GOOSTREE v. UNITED STATES

No. 6895.

110 F.2d 444 (1940)

GOOSTREE v. UNITED STATES.

Circuit Court of Appeals, Seventh Circuit.

Rehearing Denied March 29, 1940.


Attorney(s) appearing for the Case

Stephen A. Cross, of Chicago, Ill., for appellant.

Julius C. Martin, Wilbur C. Pickett, and Thomas E. Walsh, all of Washington, D. C., Arthur Roe, of Vandalia, Ill., Carl W. Feickert, of East St. Louis, Ill., and Wm. M. Lytle, of Chicago, Ill., for appellee.

Before SPARKS, MAJOR, and KERNER, Circuit Judges.


SPARKS, Circuit Judge.

This is an action on a policy of war risk insurance brought by the administratrix individually and as the beneficiary of a deceased soldier. The cause was tried to the court without a jury, and the court held that the deceased soldier was not totally and permanently disabled at any time until immediately preceding his final illness; that he was totally disabled at intervals but such periods obviously were only temporary in character; and that he did not become totally and permanently disabled until shortly before his death. Upon these findings the court rendered judgment for the Government, and from this judgment the plaintiff appeals.

Decedent died on November 30, 1923. It is uncontroverted that no premiums on the contract of insurance sued upon were paid after June, 1919; that a claim for insurance benefits was first filed on June 27, 1931; that the claim was denied by the Veterans' Administration on August 25, 1932; and that a letter of notification advising claimant of the denial was mailed by the Veterans' Administration to her last address of record on August 29, 1932. It is further admitted that this action was filed September 5, 1932. On November 12, 1935, the Government filed its motion to dismiss the suit for lack of jurisdiction, based on the ground that the action was barred under the Statute of Limitations applicable to suits of this character. 38 U.S.C.A. § 445. On December 12, 1935, the District Court sustained that motion and dismissed the action.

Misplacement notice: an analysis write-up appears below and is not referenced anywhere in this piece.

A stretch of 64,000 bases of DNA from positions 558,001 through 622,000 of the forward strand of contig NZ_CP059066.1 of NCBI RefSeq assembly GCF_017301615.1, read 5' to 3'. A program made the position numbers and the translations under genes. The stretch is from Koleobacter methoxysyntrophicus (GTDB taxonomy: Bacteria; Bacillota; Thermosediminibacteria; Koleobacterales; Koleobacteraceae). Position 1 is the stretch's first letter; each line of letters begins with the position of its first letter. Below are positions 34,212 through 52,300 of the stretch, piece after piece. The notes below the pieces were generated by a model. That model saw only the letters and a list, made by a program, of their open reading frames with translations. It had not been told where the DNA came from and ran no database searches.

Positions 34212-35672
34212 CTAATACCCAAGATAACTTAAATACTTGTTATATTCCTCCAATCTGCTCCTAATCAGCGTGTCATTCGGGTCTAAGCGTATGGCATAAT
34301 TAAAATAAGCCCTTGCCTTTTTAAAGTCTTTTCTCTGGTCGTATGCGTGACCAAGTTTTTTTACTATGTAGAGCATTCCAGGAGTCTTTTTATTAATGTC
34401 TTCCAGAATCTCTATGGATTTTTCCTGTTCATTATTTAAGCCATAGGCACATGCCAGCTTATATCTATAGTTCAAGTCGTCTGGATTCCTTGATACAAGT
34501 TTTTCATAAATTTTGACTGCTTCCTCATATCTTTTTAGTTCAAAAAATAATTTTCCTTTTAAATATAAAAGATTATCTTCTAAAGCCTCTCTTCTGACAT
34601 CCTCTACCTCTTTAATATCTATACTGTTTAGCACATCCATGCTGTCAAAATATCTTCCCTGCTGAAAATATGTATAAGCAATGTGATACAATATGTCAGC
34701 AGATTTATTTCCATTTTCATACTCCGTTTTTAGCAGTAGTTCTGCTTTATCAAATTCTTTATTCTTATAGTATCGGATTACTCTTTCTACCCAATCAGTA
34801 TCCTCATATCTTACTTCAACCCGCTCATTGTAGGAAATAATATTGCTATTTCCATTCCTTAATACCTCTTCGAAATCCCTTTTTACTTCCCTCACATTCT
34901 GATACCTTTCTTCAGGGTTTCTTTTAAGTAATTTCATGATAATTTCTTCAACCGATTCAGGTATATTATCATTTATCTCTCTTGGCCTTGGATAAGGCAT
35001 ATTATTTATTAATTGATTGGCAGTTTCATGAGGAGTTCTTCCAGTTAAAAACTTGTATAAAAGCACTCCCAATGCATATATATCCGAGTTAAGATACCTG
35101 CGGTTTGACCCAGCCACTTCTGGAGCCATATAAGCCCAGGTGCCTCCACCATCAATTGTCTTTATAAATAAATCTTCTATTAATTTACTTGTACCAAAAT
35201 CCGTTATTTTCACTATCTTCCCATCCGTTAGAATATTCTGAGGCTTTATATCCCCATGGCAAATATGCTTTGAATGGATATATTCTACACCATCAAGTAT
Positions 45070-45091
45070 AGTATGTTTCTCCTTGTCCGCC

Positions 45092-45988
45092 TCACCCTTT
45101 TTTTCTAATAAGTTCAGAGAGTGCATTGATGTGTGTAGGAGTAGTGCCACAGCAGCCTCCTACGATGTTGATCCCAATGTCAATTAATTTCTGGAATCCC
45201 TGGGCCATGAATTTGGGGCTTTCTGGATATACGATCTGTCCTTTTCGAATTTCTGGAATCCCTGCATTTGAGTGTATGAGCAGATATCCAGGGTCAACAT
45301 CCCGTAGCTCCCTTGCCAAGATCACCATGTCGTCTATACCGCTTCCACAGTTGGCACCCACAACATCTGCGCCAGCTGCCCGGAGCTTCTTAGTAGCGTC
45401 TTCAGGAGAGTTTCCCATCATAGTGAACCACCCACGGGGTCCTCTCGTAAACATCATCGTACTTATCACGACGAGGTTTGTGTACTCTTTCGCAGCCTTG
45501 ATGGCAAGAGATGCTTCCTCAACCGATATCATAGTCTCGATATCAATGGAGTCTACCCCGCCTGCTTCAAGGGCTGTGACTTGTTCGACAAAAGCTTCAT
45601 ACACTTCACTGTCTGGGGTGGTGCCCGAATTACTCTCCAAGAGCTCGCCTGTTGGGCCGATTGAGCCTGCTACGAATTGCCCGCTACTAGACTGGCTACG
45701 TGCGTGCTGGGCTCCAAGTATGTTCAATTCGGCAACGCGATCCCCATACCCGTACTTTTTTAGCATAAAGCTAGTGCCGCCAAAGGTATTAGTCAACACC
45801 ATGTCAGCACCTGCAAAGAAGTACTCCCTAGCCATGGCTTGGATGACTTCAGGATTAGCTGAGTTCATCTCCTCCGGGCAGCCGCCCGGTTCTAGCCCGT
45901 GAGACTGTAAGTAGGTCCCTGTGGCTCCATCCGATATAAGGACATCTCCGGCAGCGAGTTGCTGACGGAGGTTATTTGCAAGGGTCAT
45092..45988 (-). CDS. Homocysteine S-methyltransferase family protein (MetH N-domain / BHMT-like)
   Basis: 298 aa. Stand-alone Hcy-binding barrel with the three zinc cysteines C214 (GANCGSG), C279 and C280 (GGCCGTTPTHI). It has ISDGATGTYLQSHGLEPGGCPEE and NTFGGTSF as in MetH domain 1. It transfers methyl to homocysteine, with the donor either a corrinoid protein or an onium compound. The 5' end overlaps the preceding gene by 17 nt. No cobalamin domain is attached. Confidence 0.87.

On October 19, 1936, the parties stipulated in court, "that the order heretofore entered in this cause dismissing this case for want of jurisdiction may be vacated and set aside and said cause reinstated for trial upon its merits." The court approved the stipulation, vacated the order of dismissal and tried the case with the result hereinbefore mentioned.

We are first met with the Government's contention that this court is without jurisdiction for the reason that the Act of June 29, 1936, 38 U.S.C.A. § 445d, expressly provides for reinstatement within ninety days after its passage, and the stipulation and order in the instant case were not entered within that period. This in effect seeks to do away with the stipulation and the reinstatement of the cause. This contention is based on the ground that the Government's attorneys had no right to stipulate, and that lack of jurisdiction in the first instance could not be cured by agreement of the parties. We are not convinced that there was a lack of jurisdiction in the first instance, and the briefs submitted have not been helpful in the solution of that problem. It is quite true that parties are bound by the orders of the court unless they are appealed from or otherwise abrogated. However, we know of nothing to prevent the parties, with the approval of the court, from entering into a stipulation to set aside a former order even though it be beyond the time allowed for appeal. It is fair to presume that the Government, at the time of the stipulation, thought that the order of dismissal was erroneous and should be set aside, and when this was done it left the parties in the same position they were in before the motion to dismiss was passed upon, and under these circumstances we think the court had jurisdiction.

A reading of this record convinces us that the court's findings in every respect were supported by substantial evidence. The appellant contends, however, that the court erred in not finding specifically the exact day on which decedent became totally and permanently disabled. This was not necessary. The court found that he was not totally and permanently disabled at any time until immediately preceding his death, and held that there was no liability. This finding must be construed to mean that there was no total and permanent disability at the time the policy lapsed, and the burden was upon appellant to prove the contrary. That she did not meet this burden is clear, and we cannot disturb the finding.

Judgment affirmed.


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